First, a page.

So in order to meet NFPA standards, once a fire alarm comes in, the first truck should take no more than five minutes and 20 seconds to arrive at the fire (with four firefighters aboard) at least 90 percent of the time. The Ann Arbor Fire Department is falling well short of that standard.

In May 2011, at a time when Ann Arbor City Council was considering a proposed budget that called for deep cuts in police and fire services, published a story reporting that Ann Arbor lags behind other communities when it comes to fire department staffing levels and struggles to meet response time standards. The story was based on a review of more than 1,800 pages of fire department records obtained through the state Freedom of Information Act.

Among other things, the story looked at five fires categorized as “major’’ fires in 2010, and reported that the department failed to meet response standards for three of those fires. We understand now that our report was in error, and that what we were presenting as travel time was actually the total response time, which included both travel time and turnout time. For instance, we reported that it took the first arriving truck 6 minutes, 15 seconds to travel to a fire in the 900 block of South State Street on April 3, 2010, and the first arriving truck took 6 minutes, 21 seconds to travel to a fire in the 500 block of West Stadium Boulevard on April 13, 2010. Both of those fall outside of the 5 minute, 20 second standard for turnout and travel time, but they fail to meet the standard for the cumulative time of the two, and not for travel time alone. The response times for the other three incidents ranged from 2 minutes, 37 seconds to 4 minutes, 9 seconds.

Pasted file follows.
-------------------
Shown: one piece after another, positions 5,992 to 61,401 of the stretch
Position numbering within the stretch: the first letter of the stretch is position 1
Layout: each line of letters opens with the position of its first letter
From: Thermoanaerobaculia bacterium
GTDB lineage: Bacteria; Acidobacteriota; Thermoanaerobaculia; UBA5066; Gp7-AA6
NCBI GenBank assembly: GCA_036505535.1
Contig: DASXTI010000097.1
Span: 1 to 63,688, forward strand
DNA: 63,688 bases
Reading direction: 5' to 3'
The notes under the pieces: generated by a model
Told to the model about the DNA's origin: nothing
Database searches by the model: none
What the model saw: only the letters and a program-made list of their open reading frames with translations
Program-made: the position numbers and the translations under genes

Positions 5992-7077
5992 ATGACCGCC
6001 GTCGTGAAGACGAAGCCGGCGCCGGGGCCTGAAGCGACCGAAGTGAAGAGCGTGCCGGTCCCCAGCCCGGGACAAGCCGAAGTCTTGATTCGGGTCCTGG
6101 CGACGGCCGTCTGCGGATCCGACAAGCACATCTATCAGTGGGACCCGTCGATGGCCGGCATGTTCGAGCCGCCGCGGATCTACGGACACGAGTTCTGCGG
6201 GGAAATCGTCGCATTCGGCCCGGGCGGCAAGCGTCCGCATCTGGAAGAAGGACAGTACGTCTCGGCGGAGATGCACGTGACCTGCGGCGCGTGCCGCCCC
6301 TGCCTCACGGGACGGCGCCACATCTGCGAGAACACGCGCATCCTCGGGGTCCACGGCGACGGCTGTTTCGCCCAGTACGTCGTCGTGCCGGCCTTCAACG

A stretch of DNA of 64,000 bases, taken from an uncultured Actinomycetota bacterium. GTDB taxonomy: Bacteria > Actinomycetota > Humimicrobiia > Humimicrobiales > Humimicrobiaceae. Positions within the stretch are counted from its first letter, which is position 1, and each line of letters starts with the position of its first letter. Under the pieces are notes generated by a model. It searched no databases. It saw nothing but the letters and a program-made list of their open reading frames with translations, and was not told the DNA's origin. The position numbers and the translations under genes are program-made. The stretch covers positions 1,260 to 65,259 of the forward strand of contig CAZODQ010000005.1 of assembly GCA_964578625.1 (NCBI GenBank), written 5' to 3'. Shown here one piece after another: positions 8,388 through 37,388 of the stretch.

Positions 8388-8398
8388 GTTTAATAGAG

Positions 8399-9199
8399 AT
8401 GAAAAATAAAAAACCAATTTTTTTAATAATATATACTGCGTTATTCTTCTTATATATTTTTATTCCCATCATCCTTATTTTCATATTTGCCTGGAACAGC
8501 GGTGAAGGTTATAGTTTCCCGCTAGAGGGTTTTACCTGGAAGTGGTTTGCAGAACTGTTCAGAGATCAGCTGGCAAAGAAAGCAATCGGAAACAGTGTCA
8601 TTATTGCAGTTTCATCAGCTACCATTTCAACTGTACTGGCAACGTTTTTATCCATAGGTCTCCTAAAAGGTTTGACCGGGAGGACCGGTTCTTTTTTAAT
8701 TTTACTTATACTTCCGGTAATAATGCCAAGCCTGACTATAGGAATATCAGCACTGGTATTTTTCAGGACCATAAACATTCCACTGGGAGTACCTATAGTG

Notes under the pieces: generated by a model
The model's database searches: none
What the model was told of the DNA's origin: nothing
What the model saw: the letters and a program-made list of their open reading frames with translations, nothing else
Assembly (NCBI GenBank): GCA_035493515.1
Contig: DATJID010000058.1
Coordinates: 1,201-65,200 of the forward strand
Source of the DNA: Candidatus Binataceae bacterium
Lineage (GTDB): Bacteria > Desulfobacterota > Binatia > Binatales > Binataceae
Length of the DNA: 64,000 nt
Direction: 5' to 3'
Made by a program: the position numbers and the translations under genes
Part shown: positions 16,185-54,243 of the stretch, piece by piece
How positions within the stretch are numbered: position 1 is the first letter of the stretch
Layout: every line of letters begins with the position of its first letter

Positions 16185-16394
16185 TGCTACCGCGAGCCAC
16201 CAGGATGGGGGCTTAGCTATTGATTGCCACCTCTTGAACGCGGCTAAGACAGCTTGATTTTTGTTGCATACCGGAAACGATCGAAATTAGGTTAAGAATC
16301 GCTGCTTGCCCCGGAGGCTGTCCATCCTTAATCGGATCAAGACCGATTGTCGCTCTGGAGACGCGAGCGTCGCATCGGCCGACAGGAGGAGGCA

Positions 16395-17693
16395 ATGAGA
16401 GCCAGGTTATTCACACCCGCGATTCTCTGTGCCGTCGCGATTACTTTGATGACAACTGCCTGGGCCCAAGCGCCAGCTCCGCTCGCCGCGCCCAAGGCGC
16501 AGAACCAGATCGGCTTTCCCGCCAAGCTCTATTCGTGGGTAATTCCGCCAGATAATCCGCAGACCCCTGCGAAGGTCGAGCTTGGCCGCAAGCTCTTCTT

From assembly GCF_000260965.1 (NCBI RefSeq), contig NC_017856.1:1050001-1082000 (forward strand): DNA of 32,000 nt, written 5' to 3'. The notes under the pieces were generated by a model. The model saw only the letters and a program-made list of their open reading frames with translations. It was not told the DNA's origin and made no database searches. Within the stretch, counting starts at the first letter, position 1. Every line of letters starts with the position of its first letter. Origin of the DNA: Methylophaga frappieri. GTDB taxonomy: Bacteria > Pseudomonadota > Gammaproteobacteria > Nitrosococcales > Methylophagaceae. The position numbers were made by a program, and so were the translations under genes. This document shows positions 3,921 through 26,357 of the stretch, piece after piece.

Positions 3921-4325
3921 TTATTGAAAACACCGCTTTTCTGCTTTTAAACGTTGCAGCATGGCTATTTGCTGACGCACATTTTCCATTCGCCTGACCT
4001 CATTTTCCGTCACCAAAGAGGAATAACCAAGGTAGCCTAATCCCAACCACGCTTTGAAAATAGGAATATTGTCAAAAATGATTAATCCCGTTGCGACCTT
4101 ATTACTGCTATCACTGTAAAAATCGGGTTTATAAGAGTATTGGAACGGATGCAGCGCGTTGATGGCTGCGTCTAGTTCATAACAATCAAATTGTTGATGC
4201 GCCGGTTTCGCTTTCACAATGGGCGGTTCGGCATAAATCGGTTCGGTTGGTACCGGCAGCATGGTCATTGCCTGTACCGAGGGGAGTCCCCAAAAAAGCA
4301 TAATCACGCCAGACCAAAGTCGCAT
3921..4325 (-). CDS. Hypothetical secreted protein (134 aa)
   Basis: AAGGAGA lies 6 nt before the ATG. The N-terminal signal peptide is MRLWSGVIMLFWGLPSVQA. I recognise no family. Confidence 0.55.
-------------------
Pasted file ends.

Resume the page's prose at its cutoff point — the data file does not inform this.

Our original reporting was based on reports supplied to us by the city, which listed en route times. We were told that en route times represented travel times. That information was challenged by Dave Askins of the Ann Arbor Chronicle, and after additional discussions with Chief Hubbard, the chief clarified that en route times on the reports he gave us represented the combination of both turnout and travel time. We have published a note on the original story to correct that.

Ultimately, response standards are cumulative. The response time for any particular fire may fall within the standard or not; how departments measure themselves is on the performance for all fires. That is where the ICMA report, released in final form in January of this year, is helpful.